The freedom to marry for all loving and committed couples is one step closer in New Jersey.
I am proud that more and more Republicans across New Jersey are stepping up to support the freedom to marry. Assembly members Declan O’Scanlon, Holly Schepisi, and Chris Brown have joined Senators Jennifer Beck and Diane Allen in recently making public their support of same-sex marriage. As a former state party chairman, I encourage more Republican officer holders to do what they know in their hearts to be right.
Businesses are demanding it. Religious leaders have for many years called on the state to remedy the injustice of denying it. Garden State voters from all walks of life are contacting their elected representatives in overwhelming numbers. Almost everyone has a family member, close friend or co-worker who has suffered for its absence.
To paraphrase the great Republican leader Everett Dirksen: marriage equality is an idea whose time has come.
Recently New Jersey's courts affirmed that it is a constitutional violation to deny our gay and lesbian brothers and sisters the right to marry the person they love. Weddings are set to begin on October 21, and all attempts to delay have so far been prevented. In her decision, Judge Mary Jacobson wrote, “Every day that the State does not allow same-sex couples to marry, [they] are being harmed.”
How are they being harmed? As long as New Jersey insists on the term “civil union,” same-sex couples will be continue to be denied more than 1,000 protections and benefits that heterosexual couples take for granted.
New Jersey will soon be a freer state. It’s not a question of if, but only when and how.
It’s about being able to use the Family and Medical Leave Act to care for a sick spouse. It’s about widows not having to sell their homes to pay the federal death tax. It’s about not having to pay a federal tax surcharge that heterosexual couples are exempt from. Civil unions were New Jersey's first effort to treat same-sex couples more equally. However, it quickly became apparent that civil unions don’t work. As Judge Jacobson wrote, “no commonly understood definition of just what a ‘civil union’ means” exists, causing confusion and harm. They are separate and unequal arrangements, even more so now because the federal government does not recognize them. What it recognizes is marriage between loving and committed couples.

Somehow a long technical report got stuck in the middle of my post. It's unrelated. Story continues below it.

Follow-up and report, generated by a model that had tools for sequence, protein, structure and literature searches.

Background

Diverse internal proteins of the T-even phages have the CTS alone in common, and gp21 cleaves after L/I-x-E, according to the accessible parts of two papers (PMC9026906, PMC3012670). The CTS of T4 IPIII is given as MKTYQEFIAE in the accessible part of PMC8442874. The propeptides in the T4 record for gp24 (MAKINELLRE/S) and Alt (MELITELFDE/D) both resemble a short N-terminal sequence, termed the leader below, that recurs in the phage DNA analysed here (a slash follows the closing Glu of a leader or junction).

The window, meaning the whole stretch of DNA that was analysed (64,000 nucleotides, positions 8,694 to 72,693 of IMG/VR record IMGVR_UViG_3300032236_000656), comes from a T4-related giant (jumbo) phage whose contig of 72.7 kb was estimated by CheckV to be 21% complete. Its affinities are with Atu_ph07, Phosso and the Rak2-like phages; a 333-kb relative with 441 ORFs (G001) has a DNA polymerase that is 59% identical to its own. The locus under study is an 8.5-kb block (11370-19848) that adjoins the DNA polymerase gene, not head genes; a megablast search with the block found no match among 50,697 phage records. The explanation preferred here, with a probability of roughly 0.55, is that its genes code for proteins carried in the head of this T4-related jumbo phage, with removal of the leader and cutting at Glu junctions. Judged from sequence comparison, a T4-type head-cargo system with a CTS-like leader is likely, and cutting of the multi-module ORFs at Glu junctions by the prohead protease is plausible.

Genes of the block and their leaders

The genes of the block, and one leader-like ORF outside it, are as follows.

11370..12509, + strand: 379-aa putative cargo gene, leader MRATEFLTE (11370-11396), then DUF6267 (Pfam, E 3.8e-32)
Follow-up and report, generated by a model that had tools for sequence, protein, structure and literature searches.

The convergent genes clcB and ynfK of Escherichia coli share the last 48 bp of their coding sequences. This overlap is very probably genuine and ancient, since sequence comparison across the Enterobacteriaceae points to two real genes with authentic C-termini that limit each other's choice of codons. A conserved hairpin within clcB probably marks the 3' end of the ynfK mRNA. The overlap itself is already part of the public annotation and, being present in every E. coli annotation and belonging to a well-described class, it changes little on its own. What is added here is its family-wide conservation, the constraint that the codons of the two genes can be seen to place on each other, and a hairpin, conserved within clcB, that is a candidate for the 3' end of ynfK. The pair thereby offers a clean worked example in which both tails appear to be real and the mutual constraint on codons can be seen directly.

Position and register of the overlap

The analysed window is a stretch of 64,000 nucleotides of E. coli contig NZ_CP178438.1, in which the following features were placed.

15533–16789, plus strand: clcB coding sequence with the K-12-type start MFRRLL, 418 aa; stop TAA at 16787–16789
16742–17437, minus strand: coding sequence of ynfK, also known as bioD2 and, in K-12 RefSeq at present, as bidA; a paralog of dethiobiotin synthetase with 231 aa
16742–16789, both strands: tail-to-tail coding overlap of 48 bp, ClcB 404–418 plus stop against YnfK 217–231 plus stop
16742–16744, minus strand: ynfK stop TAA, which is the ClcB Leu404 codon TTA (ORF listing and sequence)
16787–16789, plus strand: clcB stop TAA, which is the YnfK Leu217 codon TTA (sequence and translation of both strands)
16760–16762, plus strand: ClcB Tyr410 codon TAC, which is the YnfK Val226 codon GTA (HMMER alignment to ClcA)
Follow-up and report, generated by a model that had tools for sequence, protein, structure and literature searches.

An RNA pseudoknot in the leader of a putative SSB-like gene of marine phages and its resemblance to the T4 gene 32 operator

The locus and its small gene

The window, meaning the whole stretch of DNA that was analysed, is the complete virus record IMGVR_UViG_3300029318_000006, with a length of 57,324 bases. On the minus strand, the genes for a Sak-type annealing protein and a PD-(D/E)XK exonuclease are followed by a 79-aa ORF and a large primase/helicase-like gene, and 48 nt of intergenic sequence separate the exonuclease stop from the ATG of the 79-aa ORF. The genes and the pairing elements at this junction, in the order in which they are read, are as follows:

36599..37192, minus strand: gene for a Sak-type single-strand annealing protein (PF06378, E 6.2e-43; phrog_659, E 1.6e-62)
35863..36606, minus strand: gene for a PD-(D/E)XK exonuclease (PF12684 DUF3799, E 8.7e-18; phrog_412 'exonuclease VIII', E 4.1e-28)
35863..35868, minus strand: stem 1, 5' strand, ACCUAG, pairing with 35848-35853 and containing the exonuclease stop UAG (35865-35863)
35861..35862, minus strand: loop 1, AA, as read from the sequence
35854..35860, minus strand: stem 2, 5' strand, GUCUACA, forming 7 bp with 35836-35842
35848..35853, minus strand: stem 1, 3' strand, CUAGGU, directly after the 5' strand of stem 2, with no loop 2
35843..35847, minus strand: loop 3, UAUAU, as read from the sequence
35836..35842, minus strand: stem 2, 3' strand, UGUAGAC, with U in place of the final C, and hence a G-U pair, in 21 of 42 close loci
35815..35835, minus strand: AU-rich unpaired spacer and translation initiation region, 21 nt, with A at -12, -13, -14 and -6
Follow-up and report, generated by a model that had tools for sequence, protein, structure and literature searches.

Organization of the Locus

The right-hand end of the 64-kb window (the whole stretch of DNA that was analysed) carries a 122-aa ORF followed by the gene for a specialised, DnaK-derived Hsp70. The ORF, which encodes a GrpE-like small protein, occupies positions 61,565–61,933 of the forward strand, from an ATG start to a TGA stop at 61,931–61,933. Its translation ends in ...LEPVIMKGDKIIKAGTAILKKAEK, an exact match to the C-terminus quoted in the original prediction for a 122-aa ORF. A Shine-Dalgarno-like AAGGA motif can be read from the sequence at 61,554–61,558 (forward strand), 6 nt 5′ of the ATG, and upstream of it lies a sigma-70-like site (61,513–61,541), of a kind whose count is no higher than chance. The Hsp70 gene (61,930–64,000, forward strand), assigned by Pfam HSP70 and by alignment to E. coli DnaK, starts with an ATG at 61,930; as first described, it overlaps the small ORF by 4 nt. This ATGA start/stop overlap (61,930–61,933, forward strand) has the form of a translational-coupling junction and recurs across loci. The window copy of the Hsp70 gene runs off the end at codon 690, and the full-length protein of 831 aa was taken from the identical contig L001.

New Jersey will soon be a freer state. It’s not a question of if, but only when and how. The courts have spoken, and now it’s time for the legislature to act. A law recognizing same-sex marriages is the quickest and surest way to protect our citizens and give all loving, committed couples the freedom to marry.
We need to listen to young Republicans, who are the future of our party. We need to listen to the many grassroots activists and party officers who want our party to stay true to its core convictions by passing a marriage equality law.
Republicans are supporting the freedom to marry because we stand for limited government, personal liberty, and strong, stable families. The freedom to marry is consistent with our longstanding values.
We’ve reached a turning point in the history of our state and our nation. Republicans have an opportunity to be on the right side of history. We have a chance to rise in defense of liberty and freedom, to defend families, and to relieve the tax burden for tens of thousands of New Jersey couples.
This isn't about modifying our values or views, it's about advancing them. The freedom to marry is a freedom worth fighting for. It's the right thing to do for all the right reason.